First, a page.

TE: How much did time did you need to spend researching medical conditions such as metabolic alkalosis and Bartter’s Syndrome as well as the legal history that lead to the passing of The Infant Formula Act of 1980 in order to write this particular novel?
SM: I spent several weeks doing the research and gathering the information I needed. There were many case studies to pull from. With today’s information at our fingertips, the research has gotten much easier to conduct.
TE: Mama is defiant when Brian is first diagnosed with metabolic alkalosis and vows to make her life’s work to prove the doctor wrong when he informs the family that their infant will never be able to walk or talk. Later though, when she receives a potentially devastating piece of news about her own health, she seems instantly resigned to her fate and begins following her own doctor’s treatment instructions immediately. Why does she possess a wildly different attitude when it comes to her own health and well-being?
SM: That’s an easy one. One of my main goals within this novel was to make Mama a completely selfless character. The main theme of the novel is unconditional love, and Mama showers it on those she loves.
TE: Brian’s father Frank is an interestingly flawed individual that never quite manages to earn as much focus as the rest of the family. Was it a conscious decision from the get-go to write Frank as a less sympathetic character? Why not delve into how his personal life evolved in later years?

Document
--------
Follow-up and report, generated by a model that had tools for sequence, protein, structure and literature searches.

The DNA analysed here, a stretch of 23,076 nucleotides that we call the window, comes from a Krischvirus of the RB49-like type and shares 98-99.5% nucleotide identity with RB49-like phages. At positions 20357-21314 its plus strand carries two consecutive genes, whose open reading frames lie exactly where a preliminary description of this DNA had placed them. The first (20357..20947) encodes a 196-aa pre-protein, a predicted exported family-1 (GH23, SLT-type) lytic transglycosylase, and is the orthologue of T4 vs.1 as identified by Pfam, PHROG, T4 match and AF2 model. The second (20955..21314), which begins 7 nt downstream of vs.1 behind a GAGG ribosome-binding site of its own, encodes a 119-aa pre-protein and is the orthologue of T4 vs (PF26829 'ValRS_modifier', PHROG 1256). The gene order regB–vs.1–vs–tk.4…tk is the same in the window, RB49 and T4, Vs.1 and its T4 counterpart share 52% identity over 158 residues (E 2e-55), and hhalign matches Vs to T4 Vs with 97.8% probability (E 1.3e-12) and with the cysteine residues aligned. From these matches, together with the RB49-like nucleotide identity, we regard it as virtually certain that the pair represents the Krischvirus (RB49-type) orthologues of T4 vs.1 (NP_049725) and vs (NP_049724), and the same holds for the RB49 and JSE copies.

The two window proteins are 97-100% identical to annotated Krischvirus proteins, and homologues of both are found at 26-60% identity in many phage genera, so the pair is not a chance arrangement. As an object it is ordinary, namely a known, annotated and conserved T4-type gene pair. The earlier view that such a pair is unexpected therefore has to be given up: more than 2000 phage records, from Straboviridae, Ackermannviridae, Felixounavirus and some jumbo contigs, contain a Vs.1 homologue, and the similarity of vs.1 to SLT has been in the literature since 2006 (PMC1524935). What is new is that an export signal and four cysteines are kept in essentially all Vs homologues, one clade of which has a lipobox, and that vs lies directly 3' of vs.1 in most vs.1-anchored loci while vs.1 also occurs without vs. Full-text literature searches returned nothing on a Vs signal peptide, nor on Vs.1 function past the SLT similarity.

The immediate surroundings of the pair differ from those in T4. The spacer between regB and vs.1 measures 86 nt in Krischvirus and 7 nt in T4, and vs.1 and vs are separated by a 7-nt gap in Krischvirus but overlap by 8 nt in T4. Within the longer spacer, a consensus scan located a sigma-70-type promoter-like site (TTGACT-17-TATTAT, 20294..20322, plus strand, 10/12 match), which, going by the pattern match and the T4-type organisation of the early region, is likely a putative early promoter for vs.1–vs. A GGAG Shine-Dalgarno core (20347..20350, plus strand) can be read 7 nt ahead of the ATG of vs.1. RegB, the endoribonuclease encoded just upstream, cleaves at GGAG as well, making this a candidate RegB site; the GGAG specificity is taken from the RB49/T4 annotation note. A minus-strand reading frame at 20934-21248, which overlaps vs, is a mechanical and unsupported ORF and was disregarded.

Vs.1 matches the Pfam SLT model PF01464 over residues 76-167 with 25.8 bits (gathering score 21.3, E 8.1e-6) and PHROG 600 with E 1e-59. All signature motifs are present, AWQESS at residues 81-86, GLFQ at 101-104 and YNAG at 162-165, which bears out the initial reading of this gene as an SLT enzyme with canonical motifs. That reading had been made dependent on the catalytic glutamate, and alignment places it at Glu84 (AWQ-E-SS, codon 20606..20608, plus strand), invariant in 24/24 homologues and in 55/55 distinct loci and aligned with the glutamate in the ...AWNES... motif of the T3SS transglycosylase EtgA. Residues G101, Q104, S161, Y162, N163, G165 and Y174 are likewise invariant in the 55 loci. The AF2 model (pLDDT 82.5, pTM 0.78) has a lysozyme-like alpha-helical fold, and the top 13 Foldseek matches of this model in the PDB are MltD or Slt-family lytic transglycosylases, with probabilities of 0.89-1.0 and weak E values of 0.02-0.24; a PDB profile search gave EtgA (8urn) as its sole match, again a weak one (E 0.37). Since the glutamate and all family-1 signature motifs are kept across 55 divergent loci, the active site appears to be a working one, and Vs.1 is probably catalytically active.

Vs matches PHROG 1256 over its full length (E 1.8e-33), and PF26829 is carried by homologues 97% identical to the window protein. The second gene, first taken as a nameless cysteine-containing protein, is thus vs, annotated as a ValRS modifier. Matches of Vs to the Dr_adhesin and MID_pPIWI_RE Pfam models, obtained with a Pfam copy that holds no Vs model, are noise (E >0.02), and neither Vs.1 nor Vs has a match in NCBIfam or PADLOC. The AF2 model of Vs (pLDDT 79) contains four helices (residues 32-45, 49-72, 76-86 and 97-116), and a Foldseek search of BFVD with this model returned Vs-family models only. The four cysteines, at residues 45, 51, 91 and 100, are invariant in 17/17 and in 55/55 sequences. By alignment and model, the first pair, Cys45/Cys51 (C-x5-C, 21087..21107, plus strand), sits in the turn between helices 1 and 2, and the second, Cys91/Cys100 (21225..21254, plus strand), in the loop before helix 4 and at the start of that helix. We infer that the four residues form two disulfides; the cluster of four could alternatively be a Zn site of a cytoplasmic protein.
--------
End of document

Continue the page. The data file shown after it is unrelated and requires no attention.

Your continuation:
SM: This was an intentional decision, as the publisher and I decided that it was most important to focus on Mama and her efforts in helping to instill independence. If a secondary storyline didn’t directly speak to this, then it received much less attention. Frank’s storyline was one of those.
TE: The powerful bond between young Brian and his elderly grandmother is one that readers will not easily forget. Did you struggle with finding just the right moment at which to end this particular tale?
SM: Oh yeah—in fact, the final version was rewritten several times until we came to the right ending. This wasn’t easy and required several discussions between me and my publisher. Fortunately, he’s a really smart guy who has a keen sense of when to say when.
TE: What are you currently working on? Are there any details you can share with us about your next project?
SM: The Rockin’ Chair (due out summer 2013) is mainstream fiction, written from a male perspective to a female audience. A la Nicholas Sparks, the novel is based on three generations of Montana men who struggle with their very different roles. Intended as spiritually heart-warming, this tear-jerker was written to feel like a leisurely walk through high grass on a lazy summer Sunday. On the way, however, there are lessons to be learned: that the same truths have many perceptions, while attitude shall dictate life’s memories.
TE: Who influences you as a writer?
SM: My family; any other writer I’ve ever read; Lou Aronica (my publisher)
TE: What was the last great book you read?
SM: Leaves by Michael Baron